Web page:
Freaky Deaky, Morrow (New York, NY), 1988.
Killshot, Morrow (New York, NY), 1989.
Get Shorty, Delacorte (New York, NY), 1990.
Maximum Bob, Delacorte (New York, NY), 1991.
Rum Punch, Delacorte (New York, NY), 1992.
Three Complete Novels (contains LaBrava, Cat Chaser, and Split Images ), Wings Books (New York, NY), 1992.
Pronto, Delacorte (New York, NY), 1993.
Riding the Rap, Delacorte (New York, NY), 1995.
Out of Sight, Delacorte (New York, NY), 1996.
Cuba Libre, Delacorte (New York, NY), 1998.
Be Cool (sequel to Get Shorty ), Delacorte (New York, NY), 1999.
Pagan Babies, Delacorte (New York, NY), 2000.
Tishomingo Blues, Morrow (New York, NY), 2002.
Mr. Paradise, Morrow (New York, NY), 2004.
The Hot Kid, Morrow (New York, NY), 2005.
The Moonshine War (based on Leonard's novel of the same title), Metro-Goldwyn-Mayer, 1970.
Joe Kidd, Universal, 1972.
Mr. Majestyk (based on Leonard's novel of the same title), United Artists, 1974.
High Noon, Part 2: The Return of Will Kane, Columbia Broadcasting System, 1980.
(With Joseph C. Stinson) Stick (based on Leonard's novel of the same title), Universal, 1985.
(With John Steppling) 52 Pick-up (based on Leonard's novel of the same title), Cannon Group, 1986.
(With Fred Walton) The Rosary Murders (based on the novel by William X. Kienzle), New Line Cinema, 1987.
Desperado, National Broadcasting Corporation, 1988.
(With Joe Borrelli) Cat Chaser (based on Leonard's novel of the same title), Viacom, 1989.
(With Quentin Tarantino) Jackie Brown (based on Leonard's novel Rum Punch ), Miramax, 1997.
Also author of filmscripts for Encyclopedia Britannica Films, including Settlement of the Mississippi Valley, Boy of Spain, Frontier Boy, and Julius Caesar, and of a recruiting film for the Franciscans.
When the Women Come out to Dance (short fiction), William Morrow (New York, NY), 2002.
Contributor to books, including The Courage to Change: Personal Conversations about Alcoholism, edited by Dennis Wholey, Houghton (Boston, MA), 1984. Contributor of stories and novelettes to Dime Western, Argosy, Saturday Evening Post, Zane Grey's Western Magazine, and other publications.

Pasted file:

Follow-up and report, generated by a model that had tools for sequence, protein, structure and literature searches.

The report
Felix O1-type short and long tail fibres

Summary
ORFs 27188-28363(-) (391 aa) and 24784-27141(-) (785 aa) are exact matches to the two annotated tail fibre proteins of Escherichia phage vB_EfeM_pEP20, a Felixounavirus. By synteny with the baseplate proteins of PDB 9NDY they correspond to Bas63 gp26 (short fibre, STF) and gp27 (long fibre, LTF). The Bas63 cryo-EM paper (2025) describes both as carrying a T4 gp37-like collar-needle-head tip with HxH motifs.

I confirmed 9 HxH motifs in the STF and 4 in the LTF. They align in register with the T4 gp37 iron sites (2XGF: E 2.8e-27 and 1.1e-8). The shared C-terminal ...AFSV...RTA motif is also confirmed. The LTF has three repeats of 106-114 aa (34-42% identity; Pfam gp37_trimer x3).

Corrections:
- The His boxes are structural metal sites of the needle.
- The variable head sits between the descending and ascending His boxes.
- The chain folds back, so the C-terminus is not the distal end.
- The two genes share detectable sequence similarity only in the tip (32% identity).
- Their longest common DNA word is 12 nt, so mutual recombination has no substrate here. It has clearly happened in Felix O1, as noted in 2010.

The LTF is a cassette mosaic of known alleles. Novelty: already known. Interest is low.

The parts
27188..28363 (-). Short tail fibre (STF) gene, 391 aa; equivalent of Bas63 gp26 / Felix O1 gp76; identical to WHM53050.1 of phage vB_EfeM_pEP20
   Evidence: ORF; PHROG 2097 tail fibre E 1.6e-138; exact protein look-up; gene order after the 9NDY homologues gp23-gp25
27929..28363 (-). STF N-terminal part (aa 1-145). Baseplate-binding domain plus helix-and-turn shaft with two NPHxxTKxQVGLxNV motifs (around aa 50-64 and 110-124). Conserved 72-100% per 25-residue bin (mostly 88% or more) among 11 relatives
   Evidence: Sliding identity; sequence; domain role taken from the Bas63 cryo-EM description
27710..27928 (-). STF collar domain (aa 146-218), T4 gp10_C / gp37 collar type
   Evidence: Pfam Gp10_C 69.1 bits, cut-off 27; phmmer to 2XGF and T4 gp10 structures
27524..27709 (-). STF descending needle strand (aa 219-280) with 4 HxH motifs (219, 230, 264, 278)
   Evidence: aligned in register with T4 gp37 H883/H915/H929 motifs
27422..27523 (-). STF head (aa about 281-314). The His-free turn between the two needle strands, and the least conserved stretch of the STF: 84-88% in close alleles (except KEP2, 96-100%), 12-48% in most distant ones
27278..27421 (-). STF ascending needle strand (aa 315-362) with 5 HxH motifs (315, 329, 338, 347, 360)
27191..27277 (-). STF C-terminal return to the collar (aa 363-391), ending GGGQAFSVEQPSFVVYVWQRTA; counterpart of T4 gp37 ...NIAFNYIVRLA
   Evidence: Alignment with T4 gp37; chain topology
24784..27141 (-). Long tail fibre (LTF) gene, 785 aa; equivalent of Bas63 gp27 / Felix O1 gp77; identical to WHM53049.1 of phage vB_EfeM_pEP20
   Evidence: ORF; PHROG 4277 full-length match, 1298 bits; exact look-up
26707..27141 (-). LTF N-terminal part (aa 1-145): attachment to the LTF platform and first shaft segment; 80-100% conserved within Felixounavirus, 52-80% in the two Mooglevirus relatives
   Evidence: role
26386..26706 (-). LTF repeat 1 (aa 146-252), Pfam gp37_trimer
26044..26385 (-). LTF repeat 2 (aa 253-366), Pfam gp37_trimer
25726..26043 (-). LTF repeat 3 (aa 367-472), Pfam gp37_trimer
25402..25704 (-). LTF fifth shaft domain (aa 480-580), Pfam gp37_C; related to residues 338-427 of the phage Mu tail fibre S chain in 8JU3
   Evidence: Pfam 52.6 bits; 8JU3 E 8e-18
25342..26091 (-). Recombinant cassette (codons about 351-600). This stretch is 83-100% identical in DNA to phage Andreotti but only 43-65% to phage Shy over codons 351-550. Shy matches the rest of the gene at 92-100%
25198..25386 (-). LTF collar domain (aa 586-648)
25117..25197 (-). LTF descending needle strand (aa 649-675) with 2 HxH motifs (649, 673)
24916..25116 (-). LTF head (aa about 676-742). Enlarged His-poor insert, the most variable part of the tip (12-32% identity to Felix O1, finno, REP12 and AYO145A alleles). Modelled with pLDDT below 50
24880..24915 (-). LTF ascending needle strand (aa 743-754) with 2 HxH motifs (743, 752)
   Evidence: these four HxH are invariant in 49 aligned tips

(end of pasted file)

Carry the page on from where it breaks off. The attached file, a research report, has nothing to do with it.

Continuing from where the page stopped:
The novelette 3:10 to Yuma was filmed by Columbia Pictures, 1957; the story "The Tall T" was filmed by Columbia, 1957; Hombre was filmed by Twentieth Century-Fox, 1967; The Big Bounce was filmed by Warner Bros., 1969, and 2004; Valdez Is Coming was filmed by United Artists, 1970; Glitz was filmed for television by NBC; Get Shorty was filmed by Metro-Goldwyn-Mayer (MGM)/United Artists, 1995; Touch was filmed by Lumiere, 1996; Rum Punch was adapted for film by Quentin Tarantino as Jackie Brown, 1997; Out of Sight, directed by Steven Soderbergh, screenplay by Scott Frank, was filmed by Universal, 1998; Karen Sisco (based on characters from Out of Sight ) was developed for television by ABC, 2003; screen rights to the novella Tenkiller were purchased by Paramount, 2002; Be Cool was filmed by MGM, 2005; Tishomingo Blues was adapted for film in 2005; Killshot was adapted for film in 2006. Many of Leonard's novels have been adapted as audiobooks, including Mr. Paradise, and A Coyote's in the House, both Harper Audio, 2004.
Work in Progress
A sequel to The Hot Kid.
A popular crime novelist who has seen several of his novels become feature films, Elmore Leonard carries on the tradition of the pulp novelists of the early twentieth century. Considered among the best authors writing modern crime fiction, he has earned particular praise for his dark humor and for a prose style that reflects the gritty realities of modern life. While his fame rests on such best-selling novels as Get Shorty, Tishomingo Blues, and Mr. Paradise, Leonard started his career penning genre Westerns; he has also authored screenplay adaptations of his novels and has tackled a new format—children's books—with the 2004 novel A Coyote's in the House.